Cypriot Antiquity and Contemporary Art
At the Pafos Archaeological Museum
Opening: Friday 10 October 2014 at 19.30
The exhibition will be inaugurated by the President of the House of Representatives Mr Yiannakis Omirou. Duration of the exhibition: 11 October 2014 – 28 February 2015
Inside the window displays of Archaeological Museums, we often come across exhibits which don’t fascinate us because of their artistic excellency, but because of their ability to connect us with the everyday living of people from thousands of years ago. I am referring to simple tools and utensils of domestic use, tools and constructions for growing the land, and to those tiny fossilized seeds of wheat or other kinds of cereal. That is precisely where the awe and the admiration for a very distant cultural past give place to a feeling of deep understanding and familiarity, which is based on the instinct for self-preservation and the strive to survive, something we share throughout the centuries. We think that they too, just like us (without me being sure that we are on the right track), under very different and adverse conditions, strived to improve their everyday lives.
Rinos Stefani is the only artist who wished to combine the two meanings of the verb ‘therapevo’ (θεραπεύω), by creating a most imaginative construction and giving it the title Homo Triticus. As an artist, he himself cures art and his art (the particular work) associatively activates a total of symbolisms related to the cycle of land fruition, the determining character of the cycle of human life, but also to figures related to his previous work, like the cross-shaped dancers and masks. For an artist whose first toys were made of water and earth (clay), the selection of exhibits that would inspire him could be none other than the room with the exhibits of the Neolithic period. In that room, there is a window display with seeds cultivated by ancient Cypriots, and a construction which resembles a epitaphic table whose upper part is made of a frame-grave of earthly material in which lays a human skeleton from the year 3000 BC from Lemba. As he says, the conception of the idea behind Homo Triticus starts from the combination of these two exhibits. However, in relation to them, Stephani’s installation is closer to a dialogue than a juxtaposition of opposites. The planted (with wheat seeds) little green man is wearing a mask-funnel connected to a bigger funnel filled with wheat seeds through a plastic pipe. The funnel is placed up high with a metallic stick, alluding to an I.V. tube over a patient’s bed in a hospital. Life and death, the rebirth of nature and decay, illness and fruition, coexist within the very same, eternally repeated cycle of universal sowing.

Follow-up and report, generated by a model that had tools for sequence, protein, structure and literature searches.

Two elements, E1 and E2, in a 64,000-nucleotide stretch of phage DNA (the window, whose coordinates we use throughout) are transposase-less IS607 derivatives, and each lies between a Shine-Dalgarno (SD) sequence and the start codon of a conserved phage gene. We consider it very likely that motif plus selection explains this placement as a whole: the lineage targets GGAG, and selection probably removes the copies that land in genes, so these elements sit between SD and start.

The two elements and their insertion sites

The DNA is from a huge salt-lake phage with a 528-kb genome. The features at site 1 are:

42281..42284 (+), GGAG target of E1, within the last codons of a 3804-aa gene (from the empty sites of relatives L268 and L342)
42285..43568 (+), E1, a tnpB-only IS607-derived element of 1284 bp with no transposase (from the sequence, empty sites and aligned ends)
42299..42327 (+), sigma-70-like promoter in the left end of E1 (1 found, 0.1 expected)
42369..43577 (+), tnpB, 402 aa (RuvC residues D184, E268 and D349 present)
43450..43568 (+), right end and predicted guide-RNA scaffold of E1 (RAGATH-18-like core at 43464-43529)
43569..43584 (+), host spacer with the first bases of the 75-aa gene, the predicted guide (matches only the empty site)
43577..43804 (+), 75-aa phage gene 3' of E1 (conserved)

Dr. Niki Loizidou
Professor of Art History and the exhibition’s curator